Melanoma is skin cancer caused by changes in cells called melanocytes. These cells make a skin pigment called melanin. Melanin's what gives you your skin and hair color. Melanoma can appear on normal skin, or it may begin as a mole or other area that has changed in appearance. Some moles you have when you're born can develop into melanoma. There are four types: superficial spreading melanoma is the most common. It's usually flat and irregular in shape and color, with different shades of black and brown. It's most common in Caucasians. Nodular melanoma usually starts as a raised area that is dark blackish-blue or maybe bluish-red. Lentigo melanoma usually occurs in older adults. It's more common on sun-damaged skin on your face, neck, and arms. It's usually large, flat, and tan, with areas of brown. Lastly, accrual lentiginous melanoma is the least common form. It usually occurs on your palms, soles, or under your nails. And it's more common in African-Americans.

The risk of developing melanoma increases with age, but it is often also seen in young people. You are more likely to get melanoma if you have fair skin, blue or green eyes, or red or blond hair. People who live in sunny climates or at high altitudes are also at risk. As are people who spend a lot of time in the sun, or had one or more blistering sunburns during childhood, or use tanning devices.

So, how do you know you have melanoma?
You may have a mole, sore, lump, or growth on your skin that just doesn't look right. You may notice a sore or growth that bleeds or changes color. One half of the growth may be different from the other. The edges of the growth may be irregular. The color of the growth may change from one area to another. The spot may be larger than 6mm in diameter, about the size of a pencil eraser. The mole may keep changing in appearance.

So, what do you do about melanoma?
To treat melanoma successfully, you have to recognize the symptoms early. Make sure somebody sees all of your skin at least once a year and pay attention to your own skin. Call your doctor if you notice anything unusual.

Your doctor will examine your skin for size, shape, color, and texture of any suspicious areas. If your doctor thinks you may have skin cancer, you'll have a piece of skin removed and sent to a laboratory for testing. This is called a biopsy. You may also have a lymph node biopsy to see if the cancer has spread to nearby lymph nodes. If you are diagnosed with melanoma, you may have other tests to see if the cancer has spread further.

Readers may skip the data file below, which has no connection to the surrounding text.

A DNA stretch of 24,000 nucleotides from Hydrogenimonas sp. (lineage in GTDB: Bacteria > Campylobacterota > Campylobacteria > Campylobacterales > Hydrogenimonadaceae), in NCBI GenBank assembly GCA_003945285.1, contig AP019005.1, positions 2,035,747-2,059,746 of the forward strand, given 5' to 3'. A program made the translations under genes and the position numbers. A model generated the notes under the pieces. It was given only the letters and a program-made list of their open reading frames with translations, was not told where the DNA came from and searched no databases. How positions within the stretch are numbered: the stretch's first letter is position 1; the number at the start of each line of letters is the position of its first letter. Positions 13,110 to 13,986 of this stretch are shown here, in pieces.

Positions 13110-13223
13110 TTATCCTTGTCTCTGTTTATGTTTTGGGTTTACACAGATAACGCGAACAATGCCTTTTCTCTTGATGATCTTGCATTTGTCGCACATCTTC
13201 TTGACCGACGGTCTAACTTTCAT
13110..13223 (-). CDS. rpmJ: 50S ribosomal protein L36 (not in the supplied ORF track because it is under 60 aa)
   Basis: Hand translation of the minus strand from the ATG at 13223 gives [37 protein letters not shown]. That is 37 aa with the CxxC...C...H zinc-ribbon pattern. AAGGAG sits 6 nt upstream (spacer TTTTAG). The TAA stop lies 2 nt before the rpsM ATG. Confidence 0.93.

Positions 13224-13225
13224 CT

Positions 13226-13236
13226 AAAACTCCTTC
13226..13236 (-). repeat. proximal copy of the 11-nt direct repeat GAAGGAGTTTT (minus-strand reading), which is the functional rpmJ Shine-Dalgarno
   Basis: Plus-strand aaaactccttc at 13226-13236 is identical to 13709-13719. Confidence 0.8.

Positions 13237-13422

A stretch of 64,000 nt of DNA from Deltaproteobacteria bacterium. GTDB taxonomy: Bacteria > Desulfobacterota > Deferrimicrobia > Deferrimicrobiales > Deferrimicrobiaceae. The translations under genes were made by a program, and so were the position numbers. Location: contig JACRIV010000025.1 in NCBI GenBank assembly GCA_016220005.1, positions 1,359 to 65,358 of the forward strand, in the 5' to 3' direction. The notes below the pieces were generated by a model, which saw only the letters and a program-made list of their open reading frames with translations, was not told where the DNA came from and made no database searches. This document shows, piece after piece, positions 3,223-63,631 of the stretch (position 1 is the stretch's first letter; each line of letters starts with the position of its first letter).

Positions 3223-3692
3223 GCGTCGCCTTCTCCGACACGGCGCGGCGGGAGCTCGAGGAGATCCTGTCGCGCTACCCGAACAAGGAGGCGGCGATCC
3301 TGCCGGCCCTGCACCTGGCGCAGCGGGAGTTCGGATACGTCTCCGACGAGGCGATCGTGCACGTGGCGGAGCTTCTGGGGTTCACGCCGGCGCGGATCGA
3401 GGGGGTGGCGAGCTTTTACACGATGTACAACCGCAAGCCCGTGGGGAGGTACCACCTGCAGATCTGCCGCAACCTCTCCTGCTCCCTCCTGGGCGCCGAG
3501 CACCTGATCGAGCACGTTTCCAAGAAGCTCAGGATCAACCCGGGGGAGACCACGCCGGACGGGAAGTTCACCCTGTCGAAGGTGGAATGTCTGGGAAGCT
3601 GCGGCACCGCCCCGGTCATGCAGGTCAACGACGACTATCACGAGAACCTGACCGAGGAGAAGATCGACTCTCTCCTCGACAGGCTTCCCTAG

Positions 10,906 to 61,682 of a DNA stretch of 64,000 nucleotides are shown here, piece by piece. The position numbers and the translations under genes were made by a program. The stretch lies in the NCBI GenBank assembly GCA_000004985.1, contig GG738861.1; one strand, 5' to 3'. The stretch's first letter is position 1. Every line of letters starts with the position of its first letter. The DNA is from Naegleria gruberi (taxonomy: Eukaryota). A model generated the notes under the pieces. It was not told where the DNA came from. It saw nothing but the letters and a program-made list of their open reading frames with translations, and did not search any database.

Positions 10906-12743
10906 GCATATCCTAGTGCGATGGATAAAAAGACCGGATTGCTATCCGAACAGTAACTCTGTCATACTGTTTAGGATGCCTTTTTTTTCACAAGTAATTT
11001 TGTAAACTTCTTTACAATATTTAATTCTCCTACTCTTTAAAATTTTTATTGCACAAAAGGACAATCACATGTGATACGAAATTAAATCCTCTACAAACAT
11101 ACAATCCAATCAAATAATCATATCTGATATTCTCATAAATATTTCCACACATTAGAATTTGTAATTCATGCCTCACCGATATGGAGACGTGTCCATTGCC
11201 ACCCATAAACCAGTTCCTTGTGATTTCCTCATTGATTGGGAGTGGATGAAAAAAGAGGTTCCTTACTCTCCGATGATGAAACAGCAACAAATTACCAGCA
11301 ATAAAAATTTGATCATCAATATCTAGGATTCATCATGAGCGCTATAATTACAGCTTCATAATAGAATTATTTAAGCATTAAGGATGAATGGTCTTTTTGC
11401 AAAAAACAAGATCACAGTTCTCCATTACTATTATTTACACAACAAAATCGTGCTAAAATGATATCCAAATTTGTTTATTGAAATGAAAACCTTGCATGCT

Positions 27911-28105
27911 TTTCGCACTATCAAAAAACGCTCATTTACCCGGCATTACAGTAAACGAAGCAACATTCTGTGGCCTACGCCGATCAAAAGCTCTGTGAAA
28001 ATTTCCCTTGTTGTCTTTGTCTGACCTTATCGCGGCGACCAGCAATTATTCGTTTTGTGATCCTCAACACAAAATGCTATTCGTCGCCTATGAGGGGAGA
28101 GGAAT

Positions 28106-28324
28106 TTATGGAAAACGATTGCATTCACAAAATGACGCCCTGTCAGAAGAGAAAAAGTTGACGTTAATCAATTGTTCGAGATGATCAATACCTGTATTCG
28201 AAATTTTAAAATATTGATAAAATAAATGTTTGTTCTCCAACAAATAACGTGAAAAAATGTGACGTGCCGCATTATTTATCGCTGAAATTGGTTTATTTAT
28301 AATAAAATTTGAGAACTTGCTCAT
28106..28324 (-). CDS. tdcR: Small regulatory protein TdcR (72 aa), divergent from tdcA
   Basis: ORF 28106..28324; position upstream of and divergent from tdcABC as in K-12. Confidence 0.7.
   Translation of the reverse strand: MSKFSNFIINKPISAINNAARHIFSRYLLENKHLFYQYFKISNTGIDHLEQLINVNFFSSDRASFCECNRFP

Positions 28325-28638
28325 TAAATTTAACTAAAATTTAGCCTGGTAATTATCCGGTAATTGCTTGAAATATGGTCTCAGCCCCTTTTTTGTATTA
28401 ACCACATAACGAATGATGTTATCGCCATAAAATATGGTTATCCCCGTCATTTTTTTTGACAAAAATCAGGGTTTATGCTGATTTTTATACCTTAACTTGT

You will need surgery if you have melanoma. The doctor will remove the skin cancer and some of the surrounding tissue. If the cancer has spread to nearby lymph nodes they will also be removed. After surgery, you may need medicine called interferon. If the cancer has spread to organs, it may not be able to be cured. Treatment then might focus on shrinking the cancer and making you as comfortable as possible. You may need chemotherapy, immunotherapy, radiation treatment, and more surgery.

Caught early, some of the types of melanoma can be cured. Melanoma that is very deep or has already spread to lymph nodes is more likely to return after treatment. And the odds are even worse if it has spread farther to other organs. If you have melanoma and recovered, it's important you continue to examine your body for any unusual changes because the cancer may return many years later. One more reason that the earlier you catch it the better.</p></div><div class=media-desc><strong>Bladder biopsy</strong><p>A bladder biopsy is performed if abnormalities of the bladder are found, or if a tumor is grossly visible.  During the biopsy a small portion of tissue is removed and sent to the laboratory for analysis.</p></div><div class=media-desc><strong>Cervical cancer</strong><p>Worldwide, cervical cancer is the third most common type of cancer in women. Luckily, it's much less common in the United States due to women receiving recommended routine Pap smears, the test designed to find cervical cancer sometimes even before abnormal cells turn to cancer. 

Cervical cancer starts in the cells on the surface of the cervix, the lower portion of the uterus. There are two types of cells on the surface of the cervix, squamous and columnar. Most cervical cancers come from these squamous cells.